England’s Chief Medical Officer, Dame Sally Davies, said recently that resistance to antibiotics are one of our everyday health’s greatest threats Dame Sally actually warned that death rates from bacterial infections have a chance to return to those of the early 20th century, describing resistance to antibiotics in her book as a "catastrophic global threat" that should be ranked alongside terrorism, writing “We have taken antibacterial and other antimicrobial drugs for granted for too long. We have misused them through overuse and false prescription, and as a result the bugs are growing in resistance and fighting back. We are also not developing new drugs fast enough. (1)
This is not a distant threat: already, resistant bugs are killing 25,000 people a year across Europe”. (2)
Dr. Thomas Frieden, the director of the U.S. Centres for Disease Control and Prevention, issued a blunt warning: “If we’re not careful, we will soon be in a post-antibiotic era. For some patients and some microbes, we are already there. At least 2 million people per year in the U.S. get infections that are resistant to antibiotics and 23,000 die as a result of these infections”. (3)
There is no dispute of this. Dame Sally Davies said that the reason for this was the lack of new drugs combined with massive overuse of existing antibiotics. Another reason for this resistance is the situation of the overuse of antibiotics in livestock and poultry production. (4)
UK factory farmed chickens are bred to reach a weight of 2.2 kilo in five weeks with a stocking density of 17 to 20 birds a square metre, slightly less than an A4 sheet of paper. In these situations antibiotics are needed on a regular basis. It is a fact that about two thirds of chickens on sale in the UK have been found to be contaminated with the bug campylobacter. (5)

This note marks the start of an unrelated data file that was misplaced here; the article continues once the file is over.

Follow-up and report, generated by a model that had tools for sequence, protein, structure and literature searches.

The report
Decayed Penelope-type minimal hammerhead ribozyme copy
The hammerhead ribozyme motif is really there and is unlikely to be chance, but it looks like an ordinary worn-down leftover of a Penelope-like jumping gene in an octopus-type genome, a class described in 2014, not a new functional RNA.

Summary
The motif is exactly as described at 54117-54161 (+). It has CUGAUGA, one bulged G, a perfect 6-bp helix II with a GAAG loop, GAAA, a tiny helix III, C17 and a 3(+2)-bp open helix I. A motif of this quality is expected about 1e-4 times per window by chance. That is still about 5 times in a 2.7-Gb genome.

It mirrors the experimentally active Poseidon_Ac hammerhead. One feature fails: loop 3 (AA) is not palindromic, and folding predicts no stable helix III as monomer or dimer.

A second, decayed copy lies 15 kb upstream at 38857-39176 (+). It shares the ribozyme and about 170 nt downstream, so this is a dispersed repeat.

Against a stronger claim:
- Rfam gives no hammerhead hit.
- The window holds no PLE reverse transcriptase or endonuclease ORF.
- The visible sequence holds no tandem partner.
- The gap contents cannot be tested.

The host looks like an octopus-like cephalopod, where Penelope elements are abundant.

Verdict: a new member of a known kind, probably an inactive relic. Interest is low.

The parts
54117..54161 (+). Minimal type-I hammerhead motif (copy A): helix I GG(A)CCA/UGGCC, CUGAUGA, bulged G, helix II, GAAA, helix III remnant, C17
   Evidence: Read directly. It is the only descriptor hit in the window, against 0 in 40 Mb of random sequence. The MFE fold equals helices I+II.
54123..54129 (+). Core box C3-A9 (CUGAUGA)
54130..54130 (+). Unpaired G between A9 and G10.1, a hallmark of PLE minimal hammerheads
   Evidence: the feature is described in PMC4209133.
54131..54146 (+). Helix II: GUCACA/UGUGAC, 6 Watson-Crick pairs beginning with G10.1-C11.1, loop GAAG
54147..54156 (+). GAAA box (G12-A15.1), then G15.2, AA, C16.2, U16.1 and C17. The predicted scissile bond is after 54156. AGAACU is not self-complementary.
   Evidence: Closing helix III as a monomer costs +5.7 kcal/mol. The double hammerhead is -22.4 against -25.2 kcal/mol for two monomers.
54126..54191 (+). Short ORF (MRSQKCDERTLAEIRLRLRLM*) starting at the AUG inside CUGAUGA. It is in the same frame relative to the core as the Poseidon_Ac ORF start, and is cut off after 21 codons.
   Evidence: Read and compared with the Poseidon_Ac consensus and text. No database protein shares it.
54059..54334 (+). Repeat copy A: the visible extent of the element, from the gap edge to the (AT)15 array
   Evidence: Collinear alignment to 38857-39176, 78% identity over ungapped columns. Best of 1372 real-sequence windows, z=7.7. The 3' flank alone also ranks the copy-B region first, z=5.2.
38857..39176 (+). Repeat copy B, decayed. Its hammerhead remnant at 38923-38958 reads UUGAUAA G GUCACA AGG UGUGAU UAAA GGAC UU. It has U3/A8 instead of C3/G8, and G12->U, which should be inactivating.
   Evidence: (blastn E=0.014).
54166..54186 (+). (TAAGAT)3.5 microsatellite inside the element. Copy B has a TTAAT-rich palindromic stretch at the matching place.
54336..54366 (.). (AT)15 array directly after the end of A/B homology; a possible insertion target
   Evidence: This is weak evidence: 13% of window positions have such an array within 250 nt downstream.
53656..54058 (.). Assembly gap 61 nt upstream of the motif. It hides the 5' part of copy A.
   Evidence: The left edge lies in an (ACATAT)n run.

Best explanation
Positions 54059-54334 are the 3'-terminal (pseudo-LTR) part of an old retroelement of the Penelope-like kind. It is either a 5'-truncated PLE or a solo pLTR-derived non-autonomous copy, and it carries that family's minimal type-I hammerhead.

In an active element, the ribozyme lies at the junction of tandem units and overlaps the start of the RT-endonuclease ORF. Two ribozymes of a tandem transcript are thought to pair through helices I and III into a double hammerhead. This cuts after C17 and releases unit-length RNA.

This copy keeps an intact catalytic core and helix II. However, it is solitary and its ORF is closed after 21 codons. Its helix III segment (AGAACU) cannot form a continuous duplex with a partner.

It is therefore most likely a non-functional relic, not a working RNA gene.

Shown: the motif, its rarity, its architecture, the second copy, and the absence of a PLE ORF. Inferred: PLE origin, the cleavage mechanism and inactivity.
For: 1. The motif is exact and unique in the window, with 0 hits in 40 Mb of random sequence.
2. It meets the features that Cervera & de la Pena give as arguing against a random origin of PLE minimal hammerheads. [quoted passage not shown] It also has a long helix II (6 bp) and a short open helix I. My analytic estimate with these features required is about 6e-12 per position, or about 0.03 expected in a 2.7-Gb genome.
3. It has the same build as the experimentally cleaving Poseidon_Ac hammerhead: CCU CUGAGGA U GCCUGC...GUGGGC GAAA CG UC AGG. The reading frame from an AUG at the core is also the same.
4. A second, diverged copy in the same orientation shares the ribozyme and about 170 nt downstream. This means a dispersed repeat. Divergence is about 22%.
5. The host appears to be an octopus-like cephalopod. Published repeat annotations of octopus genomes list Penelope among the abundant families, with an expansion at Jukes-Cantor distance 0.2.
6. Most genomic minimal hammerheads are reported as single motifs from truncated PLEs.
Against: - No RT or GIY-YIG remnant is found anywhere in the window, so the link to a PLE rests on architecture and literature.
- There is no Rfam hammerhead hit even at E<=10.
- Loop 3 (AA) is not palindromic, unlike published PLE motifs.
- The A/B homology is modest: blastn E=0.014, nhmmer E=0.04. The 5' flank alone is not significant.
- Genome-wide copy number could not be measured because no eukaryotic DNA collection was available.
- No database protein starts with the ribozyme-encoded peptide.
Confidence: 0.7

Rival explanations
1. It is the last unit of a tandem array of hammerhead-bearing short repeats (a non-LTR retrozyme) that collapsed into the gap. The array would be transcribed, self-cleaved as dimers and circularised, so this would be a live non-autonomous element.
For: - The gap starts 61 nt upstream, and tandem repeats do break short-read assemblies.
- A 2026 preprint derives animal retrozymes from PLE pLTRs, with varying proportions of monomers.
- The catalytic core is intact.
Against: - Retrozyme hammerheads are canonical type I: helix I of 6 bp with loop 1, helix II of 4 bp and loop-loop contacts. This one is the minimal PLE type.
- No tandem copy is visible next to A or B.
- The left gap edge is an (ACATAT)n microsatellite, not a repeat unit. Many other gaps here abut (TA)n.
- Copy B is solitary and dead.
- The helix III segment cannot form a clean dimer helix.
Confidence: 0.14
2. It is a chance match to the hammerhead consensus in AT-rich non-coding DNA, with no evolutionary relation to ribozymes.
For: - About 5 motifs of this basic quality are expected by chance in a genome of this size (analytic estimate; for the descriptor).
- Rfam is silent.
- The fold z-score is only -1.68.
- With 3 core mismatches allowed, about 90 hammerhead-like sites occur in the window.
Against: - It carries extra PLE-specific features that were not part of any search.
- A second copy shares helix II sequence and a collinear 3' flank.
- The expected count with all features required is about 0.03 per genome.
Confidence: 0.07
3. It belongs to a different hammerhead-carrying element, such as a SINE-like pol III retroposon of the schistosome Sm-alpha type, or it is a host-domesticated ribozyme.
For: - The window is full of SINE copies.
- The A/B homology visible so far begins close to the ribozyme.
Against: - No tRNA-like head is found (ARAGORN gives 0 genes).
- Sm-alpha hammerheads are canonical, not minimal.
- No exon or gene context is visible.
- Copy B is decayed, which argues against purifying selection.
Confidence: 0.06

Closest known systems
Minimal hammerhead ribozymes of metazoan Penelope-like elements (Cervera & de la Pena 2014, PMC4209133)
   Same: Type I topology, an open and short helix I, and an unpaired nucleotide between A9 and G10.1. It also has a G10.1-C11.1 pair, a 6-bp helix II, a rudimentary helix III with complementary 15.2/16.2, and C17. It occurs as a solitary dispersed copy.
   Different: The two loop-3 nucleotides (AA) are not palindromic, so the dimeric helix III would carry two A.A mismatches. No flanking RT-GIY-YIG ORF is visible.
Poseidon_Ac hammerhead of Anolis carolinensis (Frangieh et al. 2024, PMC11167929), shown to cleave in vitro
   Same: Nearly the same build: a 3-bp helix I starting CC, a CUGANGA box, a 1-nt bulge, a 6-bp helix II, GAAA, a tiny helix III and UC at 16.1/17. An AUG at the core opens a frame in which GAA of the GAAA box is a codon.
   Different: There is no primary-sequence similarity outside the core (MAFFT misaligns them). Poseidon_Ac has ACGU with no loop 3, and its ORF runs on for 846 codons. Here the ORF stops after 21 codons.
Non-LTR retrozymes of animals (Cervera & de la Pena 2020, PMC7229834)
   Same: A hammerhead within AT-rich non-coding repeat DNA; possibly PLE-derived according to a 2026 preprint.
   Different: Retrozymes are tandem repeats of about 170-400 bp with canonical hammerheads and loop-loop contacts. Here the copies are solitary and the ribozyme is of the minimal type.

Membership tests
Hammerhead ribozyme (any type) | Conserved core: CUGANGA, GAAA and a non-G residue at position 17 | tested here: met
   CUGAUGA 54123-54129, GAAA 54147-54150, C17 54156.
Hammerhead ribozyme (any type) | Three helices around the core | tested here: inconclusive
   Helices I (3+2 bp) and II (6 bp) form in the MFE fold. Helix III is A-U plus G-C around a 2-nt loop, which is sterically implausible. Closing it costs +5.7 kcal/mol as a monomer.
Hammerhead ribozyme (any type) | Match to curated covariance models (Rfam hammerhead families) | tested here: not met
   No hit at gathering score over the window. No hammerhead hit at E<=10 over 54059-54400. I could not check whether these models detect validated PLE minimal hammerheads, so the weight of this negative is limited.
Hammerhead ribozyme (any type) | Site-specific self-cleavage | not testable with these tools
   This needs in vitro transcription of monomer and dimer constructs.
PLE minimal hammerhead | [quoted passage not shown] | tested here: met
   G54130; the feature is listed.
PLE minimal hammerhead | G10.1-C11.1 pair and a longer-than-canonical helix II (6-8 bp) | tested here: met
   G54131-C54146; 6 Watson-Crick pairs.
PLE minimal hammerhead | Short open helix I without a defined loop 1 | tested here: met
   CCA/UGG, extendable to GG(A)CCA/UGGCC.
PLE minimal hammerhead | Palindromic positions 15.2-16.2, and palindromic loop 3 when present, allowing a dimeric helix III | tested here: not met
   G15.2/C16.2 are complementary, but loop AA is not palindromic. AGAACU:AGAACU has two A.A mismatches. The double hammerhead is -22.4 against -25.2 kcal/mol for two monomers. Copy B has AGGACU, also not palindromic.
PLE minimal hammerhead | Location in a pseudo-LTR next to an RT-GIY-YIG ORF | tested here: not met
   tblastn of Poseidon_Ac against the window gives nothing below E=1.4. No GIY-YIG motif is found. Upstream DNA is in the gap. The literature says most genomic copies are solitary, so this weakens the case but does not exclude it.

Superbugs that are highly resistant to the antibiotics used by doctors have been found in British farm animals. Livestock, especially pigs, are a reservoir of new bacteria which are a threat to human health, suggest a new Government study. Virtually all - 94.5 per cent - of the 13million pigs slaughtered in the UK in the past year carried campylobacter, which can be very serious indeed, it can kill.
Nearly one in four pigs’ carries salmonella and one in three will carry another little-known food-poisoning bacterium, Yesinia. In fact over half the worldwide production of anti-biotics are used on animals. The ciwf report states “The world’s public-health experts, from the European Union, the United States and the World Health Organization, are agreed that drug-resistant bacteria are created in farm animals by antibiotic use and that these resistant bacteria are transmitted to people in food and then spread by person-to-person transmission. In addition, genes for antibiotic resistance are known to be transferable to other bacteria of the same or a different strain or species. (6)
Any humans infected through food or contaminated water with these bugs - new strains of E.coli and campylobacter - are at serious risk. For the bugs have become immune to the medicinal antibiotics which would normally be used to drive them out of the body. Doctors are also worried that this immunity is being passed on to humans over time, through food. (7)
Without effective anti-biotics the world we know would change tomorrow. We could all be facing a future where it is no longer possible to have an organ transplant, hip replacement or help our bodies through cancer treatment as the risk of fatal infection is too great. Everyone has a role to play in preserving the antibiotics that we have now, both for ourselves and to protect future generations.
Are we paying the price due to the never ending consumer demand for antibiotics whenever we have a cold or flu and our insistence on ever cheaper food? (8)